Well someone made a huge clanger of a mistake throwing this review copy out pristine and unread to the Marylebone High Street Oxfam bookshop, except that Oxfam are in profit and so am I for having read it.
Mister Pip by Lloyd Jones published by John Murray and reviewed favourably already on Cornflower and Asylum.
I haven't been back to see what they've written because I've just put the book down and my head is bursting with thoughts that are probably not original but I have to write them down this minute.
A book about power in all its guises.
The physical brute power of civil war
...the power of the human spirit to conquer
...the power of the written word, of literature
...of the oral storytelling tradition
...of teaching and learning
...of memory and imagination
...of morality.."to be human is to be moral and you cannot have a day off when it suits"
...and ultimately of survival.
I thought perhaps I'd own up to the condition a book can end up in by the time I've finished reading and also how I mine the nuggets and remember them.Some people use notebooks but I'm afraid all my books have this sort of thing on the first page and throughout.
I find a pencil sits nicely across the top of my glasses, which I'm told looks unusual.
Matilda growing up on a remote Pacific Island finds herself trapped with her mother and other villagers in a brutal conflagration between rival forces.
Up steps a white resident Mr Watts to continue the children's schooling in the face of much trauma and adversity.
He reads Great Expectations to them and the children share it with their parents and in so doing imaginations are transported far and wide and away from the fears of day to day life on the island.
Pip becomes as real as the next child.
Mr Dickens a man they know.
Lloyd Jones is a New Zealand writer, this the first of his eight books to be published in the UK, and we can but hope that John Murray are picking up some more because I for one would love to read them.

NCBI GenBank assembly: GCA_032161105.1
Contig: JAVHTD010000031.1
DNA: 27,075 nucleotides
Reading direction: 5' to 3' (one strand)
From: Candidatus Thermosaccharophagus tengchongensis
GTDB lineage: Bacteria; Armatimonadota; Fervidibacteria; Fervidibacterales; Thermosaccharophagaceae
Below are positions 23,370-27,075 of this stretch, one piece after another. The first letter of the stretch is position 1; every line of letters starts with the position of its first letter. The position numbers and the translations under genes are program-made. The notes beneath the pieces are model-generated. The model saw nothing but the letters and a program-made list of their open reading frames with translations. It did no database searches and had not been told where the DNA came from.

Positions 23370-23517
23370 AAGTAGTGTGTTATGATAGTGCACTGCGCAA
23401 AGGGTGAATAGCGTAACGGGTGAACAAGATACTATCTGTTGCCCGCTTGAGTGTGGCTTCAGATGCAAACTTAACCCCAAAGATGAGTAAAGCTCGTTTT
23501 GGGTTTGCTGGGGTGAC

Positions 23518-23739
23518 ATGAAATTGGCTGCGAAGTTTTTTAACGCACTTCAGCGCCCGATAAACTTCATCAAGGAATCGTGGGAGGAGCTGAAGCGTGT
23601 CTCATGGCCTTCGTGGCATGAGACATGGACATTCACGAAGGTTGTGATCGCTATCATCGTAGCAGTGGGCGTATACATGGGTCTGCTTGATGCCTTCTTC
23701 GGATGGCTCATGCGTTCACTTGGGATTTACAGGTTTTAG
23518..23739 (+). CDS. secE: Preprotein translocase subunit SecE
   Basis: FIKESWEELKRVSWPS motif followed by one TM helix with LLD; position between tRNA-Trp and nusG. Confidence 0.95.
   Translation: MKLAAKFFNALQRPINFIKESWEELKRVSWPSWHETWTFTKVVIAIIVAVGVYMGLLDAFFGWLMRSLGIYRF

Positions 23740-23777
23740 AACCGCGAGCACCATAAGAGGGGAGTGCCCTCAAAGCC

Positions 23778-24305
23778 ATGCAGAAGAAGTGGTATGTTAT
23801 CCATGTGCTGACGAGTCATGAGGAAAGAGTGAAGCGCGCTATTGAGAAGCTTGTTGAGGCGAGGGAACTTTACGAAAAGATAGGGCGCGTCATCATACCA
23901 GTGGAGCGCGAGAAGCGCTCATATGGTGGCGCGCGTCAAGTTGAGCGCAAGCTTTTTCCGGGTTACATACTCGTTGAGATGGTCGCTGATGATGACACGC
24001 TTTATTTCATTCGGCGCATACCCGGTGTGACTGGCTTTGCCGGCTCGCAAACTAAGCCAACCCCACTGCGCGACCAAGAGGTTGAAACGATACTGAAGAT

He has nailed the young Matilda's voice so confidently and soundly in this book that you get the feeling whatever he tackles he'd do it well.The ravaged beauty of the Pacific island and the deprivations suffered by the inhabitants all keenly but not excessively illuminated; this is life as they know it and through the resilient unknowing eyes of the young Matilda it's par for the course.
There are a episodes of stomach-churning violence reduced by Lloyd Jones to a few simple sentences, nothing gratuitous and all reflecting Matilda's adult observations
"I remember feeling preternaturally calm. This is what deep fear does to you. It turns you into a state of unfeeling"
The matter-of-fact way this is all disclosed allowing me as a reader to experience a measure of that "state of unfeeling", but I was not to be let off the hook completely.Lloyd Jones quietly made sure the truth sank in, like a muffled sledgehammer, a few sentences later.
A mega-good read, sorry this one won't be going back to Oxfam and wouldn't it be good to see it make the Booker Longlist?
Dare we hope?
Coming soon a collaboration between Dovegreyreader and A.N.Other blog (you'll have to guess until they reveal) planning a joint Blog Bookerthon longlist read for your delectation any day now and it would really help things along if we'd read a few to steal a march, that's the first result to be declared...how many have we tucked under our belt already?
Secondly, am I going to be forced to read Chesil Beach?
Anyone else up for this folly in August?